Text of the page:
But even so, the news that The New Yorker will be "publishing" Jennifer Egan's newest original short story "tweet-by-tweet" doesn't sound super appealing to me. Okay, that's a lie. I'm not actually interested in it at all. 10 tweets at 140 characters doesn't seem all that exciting, especially when they come only one a day and I will likely have forgotten the previous day's tweet.
But, alas, The New Yorker--and I'm sure many others--disagree. Here's the scoop from the New York Times:
When the novelist Jennifer Egan submitted her latest short story to The New Yorker, she hinted to Deborah Treisman, the fiction editor, that there was a catch. It soon became evident: Ms. Egan had written an entire work of fiction in 140 character bits, to be first posted on Twitter and then published in the magazine.
“I had a sense it could work for a spy story,” Ms. Egan said this week while sitting in Ms. Treisman’s office.
Ms. Treisman was receptive to the idea, so much so that this week the New Yorker will begin publishing the story, “Black Box,” in segments on Twitter. Starting Thursday night, the New Yorker’s Twitter fiction handle, @NYerFiction, will post a new tweet of text from Ms. Egan’s 8,500 word story every minute between 8 p.m. and 9 p.m. The tweets will continue for 10 straight nights. Readers can find a summary of the text posted on the magazine’s Web site at 9 p.m. each evening.
The article, built around a character in her Pulitzer Prize-winning novel “A Visit From the Goon Squad,” will appear in the magazine’s first science fiction issue, which comes out on May 29th.
While many writers have used social media to promote their work, Ms. Egan was especially interested in Twitter. She said she wanted to explore writing something serialized because that’s how many people watch television programs today.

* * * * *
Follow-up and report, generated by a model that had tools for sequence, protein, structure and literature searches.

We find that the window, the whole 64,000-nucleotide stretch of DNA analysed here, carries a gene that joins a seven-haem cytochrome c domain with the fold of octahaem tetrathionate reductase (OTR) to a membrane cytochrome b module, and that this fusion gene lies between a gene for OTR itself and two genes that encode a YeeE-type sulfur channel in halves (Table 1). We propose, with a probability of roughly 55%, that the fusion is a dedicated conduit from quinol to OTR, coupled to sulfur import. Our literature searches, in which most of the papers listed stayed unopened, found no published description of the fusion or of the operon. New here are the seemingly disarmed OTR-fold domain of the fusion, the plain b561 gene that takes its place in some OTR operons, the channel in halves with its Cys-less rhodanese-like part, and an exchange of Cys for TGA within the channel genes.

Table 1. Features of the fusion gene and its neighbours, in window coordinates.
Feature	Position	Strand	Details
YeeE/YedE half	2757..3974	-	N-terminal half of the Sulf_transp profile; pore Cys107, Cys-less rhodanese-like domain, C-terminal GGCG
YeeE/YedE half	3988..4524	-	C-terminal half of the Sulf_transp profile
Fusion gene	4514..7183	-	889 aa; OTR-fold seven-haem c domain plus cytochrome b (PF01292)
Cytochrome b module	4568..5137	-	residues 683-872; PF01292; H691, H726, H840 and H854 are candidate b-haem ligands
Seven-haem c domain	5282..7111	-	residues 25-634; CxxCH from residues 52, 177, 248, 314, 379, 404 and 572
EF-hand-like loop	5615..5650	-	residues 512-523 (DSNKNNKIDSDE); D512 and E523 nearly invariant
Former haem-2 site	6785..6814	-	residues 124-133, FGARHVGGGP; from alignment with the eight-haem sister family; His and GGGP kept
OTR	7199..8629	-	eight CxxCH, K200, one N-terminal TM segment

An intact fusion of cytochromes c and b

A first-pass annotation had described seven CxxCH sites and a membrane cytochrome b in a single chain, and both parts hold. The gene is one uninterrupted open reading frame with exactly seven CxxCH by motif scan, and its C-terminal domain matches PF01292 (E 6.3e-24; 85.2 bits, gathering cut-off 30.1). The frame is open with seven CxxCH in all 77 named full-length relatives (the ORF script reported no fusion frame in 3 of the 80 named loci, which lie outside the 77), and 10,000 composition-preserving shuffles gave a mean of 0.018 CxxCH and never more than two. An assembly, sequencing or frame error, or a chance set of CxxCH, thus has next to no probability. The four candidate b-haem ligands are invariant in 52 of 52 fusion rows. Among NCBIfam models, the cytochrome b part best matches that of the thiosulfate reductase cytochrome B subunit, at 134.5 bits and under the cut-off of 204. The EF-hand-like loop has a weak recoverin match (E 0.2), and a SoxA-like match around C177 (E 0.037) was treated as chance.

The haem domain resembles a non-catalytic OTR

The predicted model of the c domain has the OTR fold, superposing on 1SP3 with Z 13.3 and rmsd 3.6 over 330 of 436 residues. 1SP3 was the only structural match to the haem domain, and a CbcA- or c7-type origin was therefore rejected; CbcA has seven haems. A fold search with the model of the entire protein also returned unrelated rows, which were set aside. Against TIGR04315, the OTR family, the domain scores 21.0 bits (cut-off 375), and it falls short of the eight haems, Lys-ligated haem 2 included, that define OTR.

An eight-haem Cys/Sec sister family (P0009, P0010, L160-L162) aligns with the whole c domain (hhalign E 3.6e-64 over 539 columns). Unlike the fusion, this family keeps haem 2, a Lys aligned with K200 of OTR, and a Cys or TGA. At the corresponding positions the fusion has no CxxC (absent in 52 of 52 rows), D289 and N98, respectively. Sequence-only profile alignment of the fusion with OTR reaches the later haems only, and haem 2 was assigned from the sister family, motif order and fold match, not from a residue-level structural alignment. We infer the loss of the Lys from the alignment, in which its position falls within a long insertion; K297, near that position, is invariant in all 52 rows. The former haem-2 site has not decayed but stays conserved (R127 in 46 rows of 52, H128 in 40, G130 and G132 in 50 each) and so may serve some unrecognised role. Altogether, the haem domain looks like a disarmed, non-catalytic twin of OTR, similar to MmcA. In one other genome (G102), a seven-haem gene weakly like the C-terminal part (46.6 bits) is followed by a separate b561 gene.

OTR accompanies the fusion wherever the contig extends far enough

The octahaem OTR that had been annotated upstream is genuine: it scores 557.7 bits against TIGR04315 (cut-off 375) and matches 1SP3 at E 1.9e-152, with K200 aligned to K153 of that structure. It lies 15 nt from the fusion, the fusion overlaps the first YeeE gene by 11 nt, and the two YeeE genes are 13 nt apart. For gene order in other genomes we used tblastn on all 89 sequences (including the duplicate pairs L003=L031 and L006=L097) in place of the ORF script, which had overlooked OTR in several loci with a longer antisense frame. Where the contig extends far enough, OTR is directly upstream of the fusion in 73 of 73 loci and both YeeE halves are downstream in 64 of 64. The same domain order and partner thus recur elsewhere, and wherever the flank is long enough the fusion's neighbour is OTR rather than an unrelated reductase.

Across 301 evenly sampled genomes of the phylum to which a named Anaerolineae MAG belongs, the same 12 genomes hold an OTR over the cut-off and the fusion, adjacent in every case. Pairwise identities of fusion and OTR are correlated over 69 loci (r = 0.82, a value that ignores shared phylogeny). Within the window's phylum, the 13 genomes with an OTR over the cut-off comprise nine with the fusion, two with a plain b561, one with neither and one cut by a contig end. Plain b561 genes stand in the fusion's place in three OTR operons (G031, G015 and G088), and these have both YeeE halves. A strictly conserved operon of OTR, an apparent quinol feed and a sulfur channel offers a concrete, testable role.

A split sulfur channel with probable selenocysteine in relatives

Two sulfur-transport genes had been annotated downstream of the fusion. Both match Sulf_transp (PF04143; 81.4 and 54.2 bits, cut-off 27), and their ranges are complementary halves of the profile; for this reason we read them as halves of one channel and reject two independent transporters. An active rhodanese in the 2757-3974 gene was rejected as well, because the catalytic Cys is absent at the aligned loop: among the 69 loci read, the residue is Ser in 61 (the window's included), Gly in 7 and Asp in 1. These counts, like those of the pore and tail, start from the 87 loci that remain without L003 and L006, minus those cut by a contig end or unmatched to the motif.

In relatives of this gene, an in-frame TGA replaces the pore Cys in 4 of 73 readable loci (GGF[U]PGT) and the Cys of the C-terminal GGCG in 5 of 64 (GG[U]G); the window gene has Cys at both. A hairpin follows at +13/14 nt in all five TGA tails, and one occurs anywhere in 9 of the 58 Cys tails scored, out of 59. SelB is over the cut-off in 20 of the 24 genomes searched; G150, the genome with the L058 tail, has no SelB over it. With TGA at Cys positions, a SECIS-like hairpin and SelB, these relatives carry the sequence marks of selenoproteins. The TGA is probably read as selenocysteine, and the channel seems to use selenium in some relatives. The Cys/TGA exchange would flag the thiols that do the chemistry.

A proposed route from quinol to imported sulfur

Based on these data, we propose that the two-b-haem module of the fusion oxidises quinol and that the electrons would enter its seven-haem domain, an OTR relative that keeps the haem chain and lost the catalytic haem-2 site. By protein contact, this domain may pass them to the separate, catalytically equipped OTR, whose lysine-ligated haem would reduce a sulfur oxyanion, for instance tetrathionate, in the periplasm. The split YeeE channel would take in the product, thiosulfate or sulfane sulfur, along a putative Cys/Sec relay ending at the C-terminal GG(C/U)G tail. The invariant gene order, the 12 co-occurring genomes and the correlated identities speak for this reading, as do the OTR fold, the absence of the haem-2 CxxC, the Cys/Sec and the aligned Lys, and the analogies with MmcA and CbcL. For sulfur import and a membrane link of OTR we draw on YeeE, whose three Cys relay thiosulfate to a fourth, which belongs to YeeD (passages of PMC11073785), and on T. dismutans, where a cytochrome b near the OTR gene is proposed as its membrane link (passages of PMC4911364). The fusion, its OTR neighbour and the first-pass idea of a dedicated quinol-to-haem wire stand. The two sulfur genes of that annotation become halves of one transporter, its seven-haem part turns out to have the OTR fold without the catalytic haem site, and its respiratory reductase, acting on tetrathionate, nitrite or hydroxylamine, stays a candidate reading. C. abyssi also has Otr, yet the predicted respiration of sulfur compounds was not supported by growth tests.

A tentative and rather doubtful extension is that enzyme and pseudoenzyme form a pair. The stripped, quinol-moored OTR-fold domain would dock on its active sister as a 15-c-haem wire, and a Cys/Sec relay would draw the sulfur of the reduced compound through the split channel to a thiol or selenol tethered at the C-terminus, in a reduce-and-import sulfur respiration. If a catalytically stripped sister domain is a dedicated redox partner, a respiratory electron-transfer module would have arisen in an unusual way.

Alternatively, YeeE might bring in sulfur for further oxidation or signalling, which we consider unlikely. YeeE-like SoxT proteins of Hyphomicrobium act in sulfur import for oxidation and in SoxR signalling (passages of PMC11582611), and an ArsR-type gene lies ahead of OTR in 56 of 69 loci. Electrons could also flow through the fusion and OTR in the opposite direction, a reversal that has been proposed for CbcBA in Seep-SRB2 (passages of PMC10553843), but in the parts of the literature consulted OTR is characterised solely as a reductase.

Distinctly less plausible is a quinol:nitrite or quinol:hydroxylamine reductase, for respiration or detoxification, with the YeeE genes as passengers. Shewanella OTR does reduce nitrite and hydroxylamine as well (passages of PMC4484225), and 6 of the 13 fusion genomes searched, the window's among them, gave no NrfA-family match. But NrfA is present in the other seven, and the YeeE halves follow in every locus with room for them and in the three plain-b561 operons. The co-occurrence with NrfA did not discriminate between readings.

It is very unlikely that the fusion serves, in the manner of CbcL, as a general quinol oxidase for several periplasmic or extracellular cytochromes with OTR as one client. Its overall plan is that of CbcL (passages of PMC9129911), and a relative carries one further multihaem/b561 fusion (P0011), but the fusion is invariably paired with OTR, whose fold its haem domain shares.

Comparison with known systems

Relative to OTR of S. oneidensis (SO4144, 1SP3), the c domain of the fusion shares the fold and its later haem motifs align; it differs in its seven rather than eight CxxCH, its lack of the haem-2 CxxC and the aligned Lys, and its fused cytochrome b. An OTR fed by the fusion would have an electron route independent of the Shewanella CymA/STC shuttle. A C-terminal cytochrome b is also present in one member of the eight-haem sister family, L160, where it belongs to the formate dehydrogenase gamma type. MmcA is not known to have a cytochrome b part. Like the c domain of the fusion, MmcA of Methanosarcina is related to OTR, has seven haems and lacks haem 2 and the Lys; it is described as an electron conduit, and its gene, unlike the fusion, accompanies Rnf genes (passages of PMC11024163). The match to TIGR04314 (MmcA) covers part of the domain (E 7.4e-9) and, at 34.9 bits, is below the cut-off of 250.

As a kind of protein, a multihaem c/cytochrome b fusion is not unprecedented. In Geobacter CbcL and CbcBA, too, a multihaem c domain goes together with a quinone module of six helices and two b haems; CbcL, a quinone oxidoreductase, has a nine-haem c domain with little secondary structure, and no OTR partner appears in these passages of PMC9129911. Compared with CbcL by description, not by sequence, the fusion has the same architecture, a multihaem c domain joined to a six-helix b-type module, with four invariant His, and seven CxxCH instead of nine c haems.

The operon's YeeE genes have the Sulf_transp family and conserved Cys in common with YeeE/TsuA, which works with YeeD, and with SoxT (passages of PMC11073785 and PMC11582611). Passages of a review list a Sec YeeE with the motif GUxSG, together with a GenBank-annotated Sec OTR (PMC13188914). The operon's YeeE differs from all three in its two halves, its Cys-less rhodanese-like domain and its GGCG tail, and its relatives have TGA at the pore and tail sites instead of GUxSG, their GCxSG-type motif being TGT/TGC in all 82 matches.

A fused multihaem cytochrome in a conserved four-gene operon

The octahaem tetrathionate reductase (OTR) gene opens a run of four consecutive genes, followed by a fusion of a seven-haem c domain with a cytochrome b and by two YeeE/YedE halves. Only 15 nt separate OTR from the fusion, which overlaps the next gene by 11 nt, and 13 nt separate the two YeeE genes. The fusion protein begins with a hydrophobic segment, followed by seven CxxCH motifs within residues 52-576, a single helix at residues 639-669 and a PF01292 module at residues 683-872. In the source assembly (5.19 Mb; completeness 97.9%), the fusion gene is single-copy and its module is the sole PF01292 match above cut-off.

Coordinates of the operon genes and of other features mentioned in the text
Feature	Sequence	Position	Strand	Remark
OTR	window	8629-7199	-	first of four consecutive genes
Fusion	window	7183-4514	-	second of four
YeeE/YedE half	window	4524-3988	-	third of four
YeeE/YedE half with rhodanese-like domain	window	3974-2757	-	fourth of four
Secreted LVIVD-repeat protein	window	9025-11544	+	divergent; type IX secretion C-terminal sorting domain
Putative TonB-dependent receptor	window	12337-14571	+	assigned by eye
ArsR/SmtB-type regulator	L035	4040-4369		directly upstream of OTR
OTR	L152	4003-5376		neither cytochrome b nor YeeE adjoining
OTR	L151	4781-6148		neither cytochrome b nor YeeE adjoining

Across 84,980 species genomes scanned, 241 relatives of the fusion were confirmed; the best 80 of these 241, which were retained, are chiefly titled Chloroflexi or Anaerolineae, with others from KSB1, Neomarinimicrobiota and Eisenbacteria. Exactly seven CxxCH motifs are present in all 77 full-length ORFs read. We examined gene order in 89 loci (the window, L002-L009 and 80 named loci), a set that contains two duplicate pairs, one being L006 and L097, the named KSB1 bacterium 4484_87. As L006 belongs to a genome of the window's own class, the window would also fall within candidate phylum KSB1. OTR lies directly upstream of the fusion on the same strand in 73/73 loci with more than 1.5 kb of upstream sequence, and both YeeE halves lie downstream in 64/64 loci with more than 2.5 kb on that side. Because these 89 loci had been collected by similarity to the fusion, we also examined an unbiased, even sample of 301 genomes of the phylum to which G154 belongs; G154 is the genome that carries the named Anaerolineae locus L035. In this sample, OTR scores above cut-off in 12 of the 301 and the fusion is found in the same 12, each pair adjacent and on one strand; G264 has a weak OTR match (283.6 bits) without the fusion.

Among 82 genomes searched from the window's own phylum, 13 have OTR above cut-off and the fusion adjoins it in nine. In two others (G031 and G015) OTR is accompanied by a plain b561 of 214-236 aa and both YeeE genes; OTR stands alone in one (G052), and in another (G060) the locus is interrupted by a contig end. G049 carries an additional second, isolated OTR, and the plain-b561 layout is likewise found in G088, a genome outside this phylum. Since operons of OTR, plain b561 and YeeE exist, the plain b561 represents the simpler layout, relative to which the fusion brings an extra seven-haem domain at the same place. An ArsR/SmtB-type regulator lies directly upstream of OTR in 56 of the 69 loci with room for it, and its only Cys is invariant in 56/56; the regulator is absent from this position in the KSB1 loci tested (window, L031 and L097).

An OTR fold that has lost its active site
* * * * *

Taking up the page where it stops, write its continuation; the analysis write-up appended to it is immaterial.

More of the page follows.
The story is a running scroll of a spy keeping a log of her current mission. Ms. Egan said that when she was writing, she struggled not to make the language sound “gimmicky” or “cartoonish.”
“I’m just interested in serialization in fiction,” said Ms. Egan. “I’m fascinated by it. I love the 19th-century novels. I’m interested in ways to bring that back to fiction.”
Ms. Egan said that she is not entirely comfortable posting tweets. She marvels that she has nearly 3,000 followers when she has only posted four tweets, including one apologizing for being spammed. She said she feels comfortable posting to her Web site but that her posts on Twitter didn’t work.
“I felt tongue tied. It seemed phony,” said Ms. Egan. “I felt really self-conscious.”
But Ms. Egan said that after plugging so many lines of text into Twitter to make sure they were 140 characters or less, she said she felt less fearful.
Since the story’s text as written for Twitter didn’t look right in the standard New Yorker format, the magazine is using a different font called Neutra Face. The creative director, Wyatt Mitchell, said it had never been used before in the body of the magazine.
As New Yorker editors wait to see the response from readers, Ms. Egan notes the story has already lured one new follower to Twitter. “My mom is joining,” she said.
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